In the 19th century people had great faith in the power of bathing in mineral water to cure arthritis, rheumatism and skin complaints, and to improve conditions as diverse as gout, impotence, obesity, haemorrhoids, liver disorders and eye problems. Drinking mineral water was usually considered to improve digestive disorders, but was sometimes recommended for insomnia, goitre and even syphilis.
Bathing or drinking were the most common ways to ‘take the waters’. But people also inhaled steam, wallowed in hot mud, or were given massage or douche (spray) baths, especially at larger spas such as Rotorua. Government medical officers advised on the curative properties of different kinds of water, and supervised treatments.
Certain benefits were ascribed to particular springs. Highly acidic water at Rotorua was thought to reduce the craving for alcohol, while the silica in Wairākei water was believed to restore and darken the hair. And drinking the iron-rich water at Kamo was said to have helped a Mr Kennedy, who had damaged his kidneys through ‘excessive indulgence in amateur athletics.’ 1
Hospitals and sanatoriums
The main spas usually had a sanatorium for invalids, and sometimes a hospital. In 1885 at Rotorua a sanatorium was built for invalids too poor to pay for private boarding houses or hotels. It was replaced after it burnt down in 1888, and finally closed in 1947. Hanmer’s sanatorium was built in 1897 and replaced in 1908, but it burnt down in 1914.
In the First World War convalescent hospitals were built at Rotorua and Hanmer for returned servicemen; the Health Department took them over during the 1920s and 1930s. Hanmer’s hospital became Queen Mary Hospital, and the thermal waters were used to treat people with rheumatism and other problems. From the 1940s, however, the hospital focused on nervous disorders and detoxification of alcoholics. Rotorua’s hospital specialised in orthopaedics from the 1920s, and another services hospital there, built during the Second World War, was the predecessor of the Queen Elizabeth Hospital (now called QE Health), which treats rheumatic diseases.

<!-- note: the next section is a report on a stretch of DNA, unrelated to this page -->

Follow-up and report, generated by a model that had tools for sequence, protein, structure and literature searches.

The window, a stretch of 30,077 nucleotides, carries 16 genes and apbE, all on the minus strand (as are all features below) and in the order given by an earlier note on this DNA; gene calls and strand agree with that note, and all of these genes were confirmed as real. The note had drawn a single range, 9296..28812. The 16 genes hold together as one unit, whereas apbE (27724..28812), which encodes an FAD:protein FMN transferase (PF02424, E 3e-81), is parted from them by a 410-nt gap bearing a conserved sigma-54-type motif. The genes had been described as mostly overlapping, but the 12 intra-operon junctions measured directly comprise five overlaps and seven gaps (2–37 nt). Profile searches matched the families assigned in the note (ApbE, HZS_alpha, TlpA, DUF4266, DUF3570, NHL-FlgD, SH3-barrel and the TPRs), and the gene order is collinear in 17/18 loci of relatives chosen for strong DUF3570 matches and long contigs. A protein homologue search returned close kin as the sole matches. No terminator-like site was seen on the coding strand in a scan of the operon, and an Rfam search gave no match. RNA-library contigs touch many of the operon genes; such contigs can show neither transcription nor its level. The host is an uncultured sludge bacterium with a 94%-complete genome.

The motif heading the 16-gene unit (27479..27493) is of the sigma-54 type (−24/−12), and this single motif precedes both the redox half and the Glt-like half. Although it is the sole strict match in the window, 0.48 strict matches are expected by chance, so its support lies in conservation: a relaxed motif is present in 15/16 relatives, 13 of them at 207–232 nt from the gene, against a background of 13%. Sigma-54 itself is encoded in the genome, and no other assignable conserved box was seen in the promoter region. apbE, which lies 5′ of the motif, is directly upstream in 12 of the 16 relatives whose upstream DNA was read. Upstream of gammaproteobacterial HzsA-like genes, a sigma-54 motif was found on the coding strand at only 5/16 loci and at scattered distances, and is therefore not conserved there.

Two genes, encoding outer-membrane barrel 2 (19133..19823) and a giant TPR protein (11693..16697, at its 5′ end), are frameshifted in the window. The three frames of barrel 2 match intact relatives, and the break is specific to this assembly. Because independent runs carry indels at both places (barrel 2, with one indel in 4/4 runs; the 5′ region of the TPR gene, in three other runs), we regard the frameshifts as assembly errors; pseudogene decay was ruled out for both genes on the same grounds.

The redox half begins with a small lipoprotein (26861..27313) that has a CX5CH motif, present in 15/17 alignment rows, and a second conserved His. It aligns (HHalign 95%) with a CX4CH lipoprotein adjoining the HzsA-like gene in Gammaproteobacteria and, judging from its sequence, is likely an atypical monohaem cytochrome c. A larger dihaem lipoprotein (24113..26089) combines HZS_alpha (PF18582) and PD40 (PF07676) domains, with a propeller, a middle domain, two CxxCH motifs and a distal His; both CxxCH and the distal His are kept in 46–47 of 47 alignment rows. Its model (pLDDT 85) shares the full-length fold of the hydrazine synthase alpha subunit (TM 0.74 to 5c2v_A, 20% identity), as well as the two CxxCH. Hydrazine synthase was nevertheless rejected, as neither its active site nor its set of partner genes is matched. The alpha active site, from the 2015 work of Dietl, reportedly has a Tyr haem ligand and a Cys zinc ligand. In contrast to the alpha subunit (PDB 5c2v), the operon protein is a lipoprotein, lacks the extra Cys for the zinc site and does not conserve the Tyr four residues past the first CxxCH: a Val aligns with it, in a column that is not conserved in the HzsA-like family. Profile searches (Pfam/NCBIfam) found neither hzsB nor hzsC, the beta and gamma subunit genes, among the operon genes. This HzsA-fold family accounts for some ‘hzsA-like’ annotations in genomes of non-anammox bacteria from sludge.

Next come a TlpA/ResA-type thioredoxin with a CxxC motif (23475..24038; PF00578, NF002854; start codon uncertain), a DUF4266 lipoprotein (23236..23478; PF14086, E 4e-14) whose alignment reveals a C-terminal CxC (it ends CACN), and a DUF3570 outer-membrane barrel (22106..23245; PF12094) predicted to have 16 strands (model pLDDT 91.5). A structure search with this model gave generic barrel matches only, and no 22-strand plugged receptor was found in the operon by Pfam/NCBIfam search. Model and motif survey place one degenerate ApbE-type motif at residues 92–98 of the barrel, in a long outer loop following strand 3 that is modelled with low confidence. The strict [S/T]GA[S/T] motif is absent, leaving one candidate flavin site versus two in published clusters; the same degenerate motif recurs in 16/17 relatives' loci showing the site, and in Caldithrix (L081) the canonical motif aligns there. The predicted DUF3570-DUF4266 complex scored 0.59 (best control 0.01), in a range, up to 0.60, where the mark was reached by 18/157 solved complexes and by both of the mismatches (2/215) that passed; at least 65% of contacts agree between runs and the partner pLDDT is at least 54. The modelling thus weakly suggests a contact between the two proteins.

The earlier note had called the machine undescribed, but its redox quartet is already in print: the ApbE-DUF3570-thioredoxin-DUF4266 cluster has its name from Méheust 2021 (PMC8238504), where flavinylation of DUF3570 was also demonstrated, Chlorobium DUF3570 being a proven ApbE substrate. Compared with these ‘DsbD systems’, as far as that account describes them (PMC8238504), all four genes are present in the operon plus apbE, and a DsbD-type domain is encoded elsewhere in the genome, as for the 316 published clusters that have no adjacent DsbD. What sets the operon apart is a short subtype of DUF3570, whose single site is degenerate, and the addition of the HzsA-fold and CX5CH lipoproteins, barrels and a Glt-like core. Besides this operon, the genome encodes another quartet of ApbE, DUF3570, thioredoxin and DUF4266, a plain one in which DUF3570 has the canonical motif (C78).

Luxury away from home
Boarding houses and hotels sprang up to accommodate visitors who wanted more comfortable lodgings. Te Aroha’s Club, Hot Springs and Palace hotels had verandahs with expansive views, rooms for billiards and reading, and pianos. There were similar hotels at Hanmer and Rotorua. Te Aroha, Rotorua and Hanmer offered attractions such as tea rooms and gardens, bowling and croquet greens, tennis courts and band rotundas. These amenities, while they did not rival the opulence of some European spas, drew pleasure-seekers as well as invalids.